Gem of Oregon: Safe Routes to Schools
Safe Routes to Schools (SRTS) is mentioned 13 times in the Bicycle Pedestrian Plan. Five are simple references. This program is the star of Oregon’s bicycle and pedestrian evolution but it is but a token of support by ODOT.
SRTS was started by an annual 1 million federal dollars line item for each state and has had to be renewed each year until the Map 21 budget. The Feds stopped the program and said to the states: it is okay to take the SRTS support from other parcels of Fed active transportation money…14 states terminated SRTS. Admirably, Oregon continued support and it does so today. We do thank them. BUT.
SRTS is still a step child shunted in the attic. ODOT has this program in the Safety division. Sounds logical. Safety budget is 32 million. Sounds good. BUT.
Safe Routes to Schools should be the centerpiece of the Bicycle Pedestrian Plan. It is an intergeneration program. It brings two generations into Active Transportation. It teaches traffic from the perspective of the pedestrian and the vulnerable roadway user. It teaches that destinations can be within active transportation range. It converts short automobile trips of 1 to 3 miles into active transportation. It teaches daily exercise which reduces the numbers of sedentary-related obese kids. And this teaches that narcissistic automobile and bicycle behavior is bad.
We all know these concepts. ODOT could be an agent of change here. 40 to 60 percent of grant applications to Oregon Bicycle & Pedestrian 1% gas tax funding include the word ‘school’ or the phrases similar to ‘connects school to major neighborhood’ as rationales for their proposals. We also know that parents in Redmond drive their kids less than a mile to cross Hwy 97. Highway 101 represents the same barrier in Newport and Tillamook for kids safely getting to school. Other applications of STIP, the old Enhancement program, & ConnectOregon funding sources use the 500 miles of missing sidewalks to illustrate the applicant’s needs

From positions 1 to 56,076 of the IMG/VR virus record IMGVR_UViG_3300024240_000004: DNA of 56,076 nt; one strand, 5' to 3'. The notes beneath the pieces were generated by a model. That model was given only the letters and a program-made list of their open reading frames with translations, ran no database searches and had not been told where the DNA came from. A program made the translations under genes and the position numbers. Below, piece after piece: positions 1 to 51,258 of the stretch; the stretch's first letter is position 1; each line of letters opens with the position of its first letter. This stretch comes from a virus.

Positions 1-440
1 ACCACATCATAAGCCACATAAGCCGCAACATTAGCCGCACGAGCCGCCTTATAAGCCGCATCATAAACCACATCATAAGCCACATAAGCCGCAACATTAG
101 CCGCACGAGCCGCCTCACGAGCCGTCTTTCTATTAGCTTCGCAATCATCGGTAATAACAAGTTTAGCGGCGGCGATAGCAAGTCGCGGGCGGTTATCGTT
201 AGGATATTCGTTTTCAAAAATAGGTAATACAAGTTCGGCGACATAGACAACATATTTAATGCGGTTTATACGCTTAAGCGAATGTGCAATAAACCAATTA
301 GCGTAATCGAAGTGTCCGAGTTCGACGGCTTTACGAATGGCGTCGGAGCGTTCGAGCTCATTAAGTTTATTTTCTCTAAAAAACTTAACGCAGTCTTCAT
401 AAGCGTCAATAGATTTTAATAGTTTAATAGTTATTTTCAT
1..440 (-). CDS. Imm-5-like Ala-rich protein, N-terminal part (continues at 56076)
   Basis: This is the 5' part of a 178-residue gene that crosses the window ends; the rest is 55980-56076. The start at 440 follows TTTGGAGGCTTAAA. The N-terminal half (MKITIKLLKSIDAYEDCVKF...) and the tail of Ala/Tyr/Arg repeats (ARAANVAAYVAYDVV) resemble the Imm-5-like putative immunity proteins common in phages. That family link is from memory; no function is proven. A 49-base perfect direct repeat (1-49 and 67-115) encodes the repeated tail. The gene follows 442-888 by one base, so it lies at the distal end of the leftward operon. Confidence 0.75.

The Plan could really change the next generations by placing SRTS as a primary strategy. This would unify where to put dollars and make schools the destination target of safe bicycle and pedestrian ways and intersections.
The only reason that SRTS in stuck in the Safety division is it makes us feel good. If you look at the crash maps of Portland, one can see how few deaths and crashes occur near schools.
Making SRTS as the primary goal of Active Transportation will automatically give a strong focus to quiet streets, create safer intersections, & leverage health benefits to children. Imagine creating an integrative section of the Transportation Developmental Division to bundle the 500 miles of documented needed sidewalks with focus on prioritizing the sidewalks to schools. This would refashion intersections for improved sight lines, reduce speeds in neighborhoods rather than limiting speed in a 2 block school zone, and create calming measures for multi-lane roadway crossings.
Bundling all grants for sidewalks around SRTS will create an efficiency across the five ODOT regions. Instead of having community compete against community, approach the problem that ALL school arterials will be complete. SRTS is the on~the~ground section of ODOT to direct priorities of how to accomplish this state-wide. SRTS has this insight that policy makers need, otherwise management of sidewalk completion is piecemeal.
Another potential exists: In the Springfield educational district, a position was created by two funding streams: SRTS and Dept of Education. The position helped coordinate the Safe Routes program and assisted the Dept of Ed’s school bus program. The potential for solidifying two pupil transportation programs and integrating efforts is a great model. Combining the $260 million school bus program with the $600 thousand SRTS program integrating school transportation is missing in the Bicycle and Pedestrian Plan. Given that the Dept of Education budget is such a wrangle each legislative session and given ODOT’s pledge to delete 5% of their staff, this is a great joint partnership.
I see the short-coming of this large document, Bicycle Pedestrian Plan, is not in its wonderfully detailed inventory, but in its asking what can ODOT do for active transportation? How do we integrate services more efficiently, create a greater impact on those following us and sustain a health and vibrancy that no other state has? I wince that we have lost a leadership who welcomes integration and efficiency and relies on squirreling away monies, projects, and divisional territories which, in effect, lowers the glass ceiling on active transportation.
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